Archive for July 13th, 2012

The Post-modern candidate

Campaigns have been becoming more expensive, more vicious, and more ridiculous over the past half century.     They have ceased to be “great debates” about the issues of the day, but marketing campaigns where both sides deal in sound bites and tested scripts.   Veer from the script and say something wrong and you risk being accused of a ‘gaffe.’   Gaffes are dangerous, and politicians try to avoid them.

Of course, if we ever looked at a transcript of our day to day conversations, we’d uncover gaffes all over.   But we’re not candidates.  Human error and carelessness — something we all possess — becomes a sign of something nefarious and weak.   More important than that, political campaigns have become marketing campaigns where the end product increasingly has little or nothing to do with the campaign itself.

Every candidate now has websites where his or her campaign promises and positions are posted.   They have to — that’s part of the marketing campaign, you have to show voters that you have serious proposals and substance.   What that substance is results from a serious effort to determine what will impress the voters.  Candidates know that once they are in office they cannot be held to anything they said before.   The reason is that parties block each other, and President Obama, for instance, can easily say “if the Republicans didn’t obstruct I’d be able to do whatever I wanted and deliver.”

Still, Mitt Romney’s ability to be all things to all people with no clear core makes him the pinnacle of this evolution.  He is the post-modern candidate, a man whose positions and speeches mean nothing except to play their role in the marketing campaign that is a Presidential election.

Back in 2008 I noted this trend (citing the Joe McGinniss book ‘The Selling of the Presidency’ about the Nixon campaign in 1968), and how the Obama campaign had gone further than anyone treating it as an exercise in marketing.   Romney has taken it yet another step further.   We don’t really know where Romney stands, except that he’ll take the stance necessary to try to get elected.

Another aspect of his post-modern flavor is not only don’t we know what he truly believes at core, but he is very secretive about his past, his financial affairs and even it seems when he left Bain Capital.   Apparently he has a Swiss bank account, other off shore accounts (or at least had them) and doesn’t want to release old tax returns or other details about his life.   The latest controversy about when he left Bain is a case in point.

He claims to have left in 1999 when he went to head the Olympics.  Yet documents show he was listed as CEO until 2002, and there are other reports of his involvement.    His campaign’s reaction?   To angrily denounce the accusations as they admit that “technically he was still the owner.”    Technically?

Some believe that “Baingate” could severely damage the Romany candidacy.   If it does come out that he lied, it could be an albatross around his neck through November.   Even if the issue fades, it adds to the way the Obama campaign wants to define Romney, and distracts from the arguments Romney is making.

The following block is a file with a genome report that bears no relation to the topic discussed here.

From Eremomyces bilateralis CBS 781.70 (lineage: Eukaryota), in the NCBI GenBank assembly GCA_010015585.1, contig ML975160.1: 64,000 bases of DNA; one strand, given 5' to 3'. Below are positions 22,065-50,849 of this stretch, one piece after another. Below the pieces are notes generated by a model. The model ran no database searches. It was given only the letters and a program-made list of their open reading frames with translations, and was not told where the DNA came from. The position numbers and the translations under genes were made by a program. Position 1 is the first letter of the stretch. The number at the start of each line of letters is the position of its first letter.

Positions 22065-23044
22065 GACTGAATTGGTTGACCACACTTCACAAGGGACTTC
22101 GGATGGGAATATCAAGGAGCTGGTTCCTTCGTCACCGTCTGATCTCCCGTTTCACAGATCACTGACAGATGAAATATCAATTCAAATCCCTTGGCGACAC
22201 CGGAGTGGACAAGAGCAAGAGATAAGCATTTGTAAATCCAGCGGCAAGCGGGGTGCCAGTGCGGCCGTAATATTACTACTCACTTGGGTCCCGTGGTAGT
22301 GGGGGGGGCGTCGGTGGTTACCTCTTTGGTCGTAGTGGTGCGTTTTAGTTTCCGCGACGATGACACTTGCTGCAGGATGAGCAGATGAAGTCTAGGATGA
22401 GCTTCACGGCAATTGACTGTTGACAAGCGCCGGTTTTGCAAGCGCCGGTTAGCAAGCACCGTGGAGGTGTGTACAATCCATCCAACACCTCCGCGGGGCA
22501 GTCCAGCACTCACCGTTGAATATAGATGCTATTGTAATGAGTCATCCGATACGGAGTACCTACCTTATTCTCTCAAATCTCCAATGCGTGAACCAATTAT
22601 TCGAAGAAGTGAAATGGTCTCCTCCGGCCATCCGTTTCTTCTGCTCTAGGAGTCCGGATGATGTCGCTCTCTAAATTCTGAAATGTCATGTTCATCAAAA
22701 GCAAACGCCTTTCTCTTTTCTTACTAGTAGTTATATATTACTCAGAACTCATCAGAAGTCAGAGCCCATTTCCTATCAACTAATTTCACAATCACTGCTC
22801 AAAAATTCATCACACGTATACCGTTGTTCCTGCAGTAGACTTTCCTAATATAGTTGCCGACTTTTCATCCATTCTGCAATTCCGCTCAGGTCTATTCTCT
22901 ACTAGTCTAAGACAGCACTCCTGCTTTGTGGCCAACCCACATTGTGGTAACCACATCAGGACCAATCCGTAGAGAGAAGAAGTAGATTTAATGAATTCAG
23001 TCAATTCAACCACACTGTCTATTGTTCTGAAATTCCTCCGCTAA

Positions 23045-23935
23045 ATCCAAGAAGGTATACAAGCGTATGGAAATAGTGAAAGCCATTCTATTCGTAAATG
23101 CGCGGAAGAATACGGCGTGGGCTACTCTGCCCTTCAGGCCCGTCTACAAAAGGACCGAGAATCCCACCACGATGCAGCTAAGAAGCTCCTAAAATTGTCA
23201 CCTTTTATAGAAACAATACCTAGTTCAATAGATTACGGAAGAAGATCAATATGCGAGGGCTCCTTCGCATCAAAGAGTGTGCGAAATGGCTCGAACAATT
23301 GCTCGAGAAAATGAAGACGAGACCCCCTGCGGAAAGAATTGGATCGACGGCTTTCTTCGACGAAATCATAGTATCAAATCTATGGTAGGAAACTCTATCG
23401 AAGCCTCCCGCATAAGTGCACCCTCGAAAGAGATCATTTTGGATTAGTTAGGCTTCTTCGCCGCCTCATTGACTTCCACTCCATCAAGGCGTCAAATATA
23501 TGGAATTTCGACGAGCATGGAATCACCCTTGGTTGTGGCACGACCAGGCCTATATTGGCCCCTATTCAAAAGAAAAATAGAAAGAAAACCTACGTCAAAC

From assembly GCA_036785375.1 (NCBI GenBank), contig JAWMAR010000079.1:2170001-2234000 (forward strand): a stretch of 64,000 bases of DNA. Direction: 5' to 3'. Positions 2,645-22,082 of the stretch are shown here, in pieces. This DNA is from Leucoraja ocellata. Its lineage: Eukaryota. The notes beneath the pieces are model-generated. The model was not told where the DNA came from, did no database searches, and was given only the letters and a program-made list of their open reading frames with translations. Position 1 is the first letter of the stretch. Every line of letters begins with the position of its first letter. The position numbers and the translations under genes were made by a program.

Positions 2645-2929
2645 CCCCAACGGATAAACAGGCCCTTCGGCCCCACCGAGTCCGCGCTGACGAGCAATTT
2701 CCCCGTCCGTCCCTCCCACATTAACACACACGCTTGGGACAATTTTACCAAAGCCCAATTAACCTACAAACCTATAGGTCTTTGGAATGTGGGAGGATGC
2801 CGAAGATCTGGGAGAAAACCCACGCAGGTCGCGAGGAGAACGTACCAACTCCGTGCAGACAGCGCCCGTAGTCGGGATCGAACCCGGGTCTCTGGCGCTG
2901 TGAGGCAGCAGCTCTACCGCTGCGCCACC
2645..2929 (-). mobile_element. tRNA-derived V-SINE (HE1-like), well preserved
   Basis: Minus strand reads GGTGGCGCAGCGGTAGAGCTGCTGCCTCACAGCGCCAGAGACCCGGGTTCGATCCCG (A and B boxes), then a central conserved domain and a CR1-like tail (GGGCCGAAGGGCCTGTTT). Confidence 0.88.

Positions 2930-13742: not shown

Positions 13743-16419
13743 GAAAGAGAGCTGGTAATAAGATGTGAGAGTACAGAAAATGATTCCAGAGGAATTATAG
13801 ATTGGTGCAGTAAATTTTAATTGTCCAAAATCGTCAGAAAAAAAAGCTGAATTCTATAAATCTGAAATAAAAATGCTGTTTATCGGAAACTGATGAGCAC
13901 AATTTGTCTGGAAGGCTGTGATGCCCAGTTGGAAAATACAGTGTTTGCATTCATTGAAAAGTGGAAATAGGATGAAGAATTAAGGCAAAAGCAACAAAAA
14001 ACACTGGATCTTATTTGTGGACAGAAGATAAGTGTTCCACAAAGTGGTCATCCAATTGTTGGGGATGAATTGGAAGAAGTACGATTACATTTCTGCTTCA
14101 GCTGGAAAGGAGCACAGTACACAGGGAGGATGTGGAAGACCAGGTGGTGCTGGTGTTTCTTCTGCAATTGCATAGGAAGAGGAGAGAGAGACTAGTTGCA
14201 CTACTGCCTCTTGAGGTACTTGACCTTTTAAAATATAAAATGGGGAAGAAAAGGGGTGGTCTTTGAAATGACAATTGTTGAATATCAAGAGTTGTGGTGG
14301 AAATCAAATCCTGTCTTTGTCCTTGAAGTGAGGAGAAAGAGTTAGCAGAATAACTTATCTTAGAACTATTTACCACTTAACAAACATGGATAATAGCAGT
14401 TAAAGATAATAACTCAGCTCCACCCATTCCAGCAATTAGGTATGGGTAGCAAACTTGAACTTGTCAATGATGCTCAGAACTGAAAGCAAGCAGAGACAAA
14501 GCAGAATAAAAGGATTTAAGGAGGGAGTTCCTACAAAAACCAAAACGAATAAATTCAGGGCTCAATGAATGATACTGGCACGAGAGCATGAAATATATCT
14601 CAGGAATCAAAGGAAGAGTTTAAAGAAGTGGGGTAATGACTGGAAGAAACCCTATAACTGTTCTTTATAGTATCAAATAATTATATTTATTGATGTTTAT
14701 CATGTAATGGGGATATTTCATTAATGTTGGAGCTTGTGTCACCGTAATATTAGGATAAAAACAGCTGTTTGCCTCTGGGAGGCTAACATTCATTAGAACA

Not knowing who Romney is makes it easier for stories like his bullying incident or inhumane transport of his dog more important – we’re looking for signs of just who this potential President is!

The upside of being a post-modern candidate is that if people don’t really know you or where you stand, you can create a persona and take whatever positions are most beneficial to your quest.    The down side is that it becomes easier for people to imagine the worst.    In a campaign you don’t control the narrative, it’s a competition.

I suspect I do know Romney’s core.   The hundreds of millions of dollars big donors are giving PACs to run a slash and burn negative campaign against Obama give a hint:  he’s supported by the business and financial elites who see in him someone who will protect their privilege and profits.   He’s probably a decent man of privilege, believes he knows what’s best for the country, and govern pragmatically.   He’s known for having no qualms about being as ruthless as possible to defeat an opponent, and for saying whatever necessary to get elected.

Recently I was on a flight back from Germany with a group of students.  I sat next to a friendly woman, probably in her sixties, who was returning from France.   The three of us in that row had a conversation which was mostly not about politics.   At one point though she said, “I don’t see how any one can think someone making $300,000 is rich.  You take the property taxes and other costs, it’s middle class.”

I didn’t want an argument so I simply said, “well, only about 2.5% of the population earn that or better.”   She switched topics saying only, “yeah, sometimes we forget there is a whole country between the coasts.”   She was a nice woman, but apparently doesn’t really understand the reality outside her socio-economic group.   Romney is like that as well – the conventional wisdom of the elite is his conventional wisdom, and if it takes shifting positions and skewering opponents with attack ads to get the Presidency, then it’s the game he’ll play.

He even looks and acts the part.  Handsome but boring.  Getting lots of money but generating little adoration.  He hopes if he says the right things, takes the right positions and attacks and outspends his opponent he’ll get the job he deep down knows he deserves.    Then he will serve the people.  Noblesse oblige.

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